Worth the Wait

Belize officially enacts a new fisheries bill to protect both marine species and livelihoods

By Nicole Auil Gomez and Janet Gibson | February 14, 2020

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A grey angelfish. Photo credit: ©V. Alamina/WCS

Today, Belize will officially enact its new bipartisan, forward-looking fisheries bill that protects both marine species and livelihoods: the Fisheries Resources Act. As conservationists, we are excited to support what will be a huge undertaking to realize its full implementation.

This is substantive legislation. Its 94 sections start with its principles and measures using the Precautionary Approach to protect and preserve aquatic resources. The Act also aims to stymie overfishing and improve the livelihoods and welfare of fishers and their communities. Declaration and management of marine and inland water reserves will allow for more conservation efforts to be directed toward freshwater fish species, as well.

Significantly, this new bill gives fishers a greater voice. Four seats on the 12-member Fisheries Advisory Council, which will advise on the implementation of the Act and further development of the sector, will be set aside for them and fishing co-operatives.

Another exciting component of this Act is its view of the holistic foundation of a healthy fisheries sector that includes not only the fishes themselves, but their habitat, and the community of actors that can harm or benefit the sector.

The sheer size of the Act made it difficult to socialize with the general public. It does increase fines for fishing infractions, but we feel this is an important step, as it provides a real financial deterrent to illegal fishing. Looking forward, we expect to see more grassroots involvement in the management of fishing areas. It will no longer just be conservation NGOs in this position, but fishing groups can be as well.

Photo credit: ©V. Alamina/WCS

The Act also provides the legislative backbone for the fishing rights and licensing system Belize calls Managed Access and will motivate fishers to be stewards of the areas where they fish. Additionally, it allows data, collected from various sources, to be used for the management plans for specific fisheries, and designates a seat for a fisheries scientist on the Advisory Council.

This is important progress and it was years in the making.

As secretary to the Glover’s Reef Advisory Committee for a long time, one of us (Janet) had repeatedly recorded members’ concerns on enforcement and the shortcomings of Belize’s fisheries regulations. The officer in charge of marine reserves then, the late Isaias Majil, pointed out that many of the regulations passed at the time did not mesh with the old, anachronistic Act on the books. As a result, cases were frequently thrown out in court.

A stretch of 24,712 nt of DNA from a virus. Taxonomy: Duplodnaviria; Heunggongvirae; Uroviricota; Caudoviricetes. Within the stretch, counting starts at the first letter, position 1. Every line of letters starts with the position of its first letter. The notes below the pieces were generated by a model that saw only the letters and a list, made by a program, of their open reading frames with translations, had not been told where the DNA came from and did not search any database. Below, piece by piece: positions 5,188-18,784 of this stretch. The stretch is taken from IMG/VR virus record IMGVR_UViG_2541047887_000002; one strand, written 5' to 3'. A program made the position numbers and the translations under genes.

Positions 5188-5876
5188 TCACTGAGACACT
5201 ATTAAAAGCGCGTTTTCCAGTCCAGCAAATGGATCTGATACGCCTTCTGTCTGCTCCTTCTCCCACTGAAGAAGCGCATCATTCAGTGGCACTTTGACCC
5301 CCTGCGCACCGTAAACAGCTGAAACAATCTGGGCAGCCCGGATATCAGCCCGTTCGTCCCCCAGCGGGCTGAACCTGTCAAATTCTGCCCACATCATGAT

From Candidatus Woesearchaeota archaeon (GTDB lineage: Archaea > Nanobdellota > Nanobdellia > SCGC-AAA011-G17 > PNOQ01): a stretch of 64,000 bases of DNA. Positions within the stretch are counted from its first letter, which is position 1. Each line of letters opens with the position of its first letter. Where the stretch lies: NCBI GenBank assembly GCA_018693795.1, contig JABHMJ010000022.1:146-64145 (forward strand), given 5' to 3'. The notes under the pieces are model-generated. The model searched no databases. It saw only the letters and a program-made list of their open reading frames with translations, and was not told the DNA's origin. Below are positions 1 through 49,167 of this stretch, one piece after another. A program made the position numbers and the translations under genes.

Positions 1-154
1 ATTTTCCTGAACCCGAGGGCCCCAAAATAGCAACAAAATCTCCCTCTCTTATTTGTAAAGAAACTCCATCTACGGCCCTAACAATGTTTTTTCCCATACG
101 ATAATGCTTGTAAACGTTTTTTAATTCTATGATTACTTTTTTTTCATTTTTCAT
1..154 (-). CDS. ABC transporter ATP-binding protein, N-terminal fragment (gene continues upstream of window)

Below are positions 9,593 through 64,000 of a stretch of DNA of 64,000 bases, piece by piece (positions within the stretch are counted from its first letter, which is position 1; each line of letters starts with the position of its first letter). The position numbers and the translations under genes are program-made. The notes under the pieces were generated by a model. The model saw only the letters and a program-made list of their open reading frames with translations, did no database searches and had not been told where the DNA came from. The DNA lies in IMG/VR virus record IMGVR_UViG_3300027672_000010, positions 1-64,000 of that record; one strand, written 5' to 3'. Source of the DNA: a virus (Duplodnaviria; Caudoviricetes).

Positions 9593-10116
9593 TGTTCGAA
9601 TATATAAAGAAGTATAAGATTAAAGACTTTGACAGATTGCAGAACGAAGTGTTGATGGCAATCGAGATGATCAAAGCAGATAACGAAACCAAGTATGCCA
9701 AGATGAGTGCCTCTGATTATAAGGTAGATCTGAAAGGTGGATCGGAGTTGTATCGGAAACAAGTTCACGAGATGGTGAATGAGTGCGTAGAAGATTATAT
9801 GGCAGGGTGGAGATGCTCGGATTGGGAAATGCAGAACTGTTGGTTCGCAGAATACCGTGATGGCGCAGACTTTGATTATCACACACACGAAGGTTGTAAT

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Valdemar Andrade (TASA/ Turneffe Atoll Sustainability Association), Nicole Auil Gomez (WCS), Janet Gibson, and Julio Maaz (WCS) at the National Assembly Building in the capital, Belmopan.

In August 2008, I (Janet), as WCS Belize Director, began discussions with the Fisheries Administrator, Beverly Wade, about the idea of submitting a proposal to revise the Act. The Oak Foundation generously supported this, which started with the appointment of a multi-agency steering committee. With international and local legal consultants, we began a very intense two-year period of work that included an analysis of the existing legal framework, first and second drafts of the Act that were reviewed and amended, development and implementation of a communications plan, and three rounds of national stakeholder consultations.

With the assistance of our excellent fisheries and technical consultants, as well as the input of the Food and Agriculture Organization of the UN’s legal office, these efforts culminated at the end of 2011 in a comprehensive Fisheries Resources Bill for the Minister of Fisheries to present to Belize’s Cabinet at the beginning of 2012.

But that’s when politics intervened. Snap general elections were called in March 2012 and presentation of the bill was postponed. Little did we know then, it would be another eight years before the bill finally moved forward.

We at WCS, along with the many others who have supported the Fisheries Department and the Ministry in getting this vision realized, are ecstatic about the future of the fishing sector.

Now that it has, we at WCS, along with the many others who have supported the Fisheries Department and the Ministry in getting this vision realized, are ecstatic about the future of the fishing sector.

A huge undertaking still lies ahead as we work toward full implementation of the Act and subsequent Regulations. At WCS, we look forward to further supporting this process of securing livelihoods and healthy coral reefs — by providing scientific information on lobster, conch, and finfish to help maximize fish stocks; supporting protected area management; strengthening local capacity to understand and combat wildlife trafficking, including unreported and unregulated fishing, ; and increasing stakeholder inclusion, in particular for women in the fisheries sector.

The Fisheries Resources Act is landmark legislation. It finally brings the country’s fisheries management into the 21st Century and, now that the wait over, we see a brighter future for Belize’s people and its waters.

Janet Gibson is the retired Country Director of WCS Belize. Nicole Auil Gomez is the current director.

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WCS saves wildlife and wild places worldwide through science, conservation action, education, and inspiring people to value nature.

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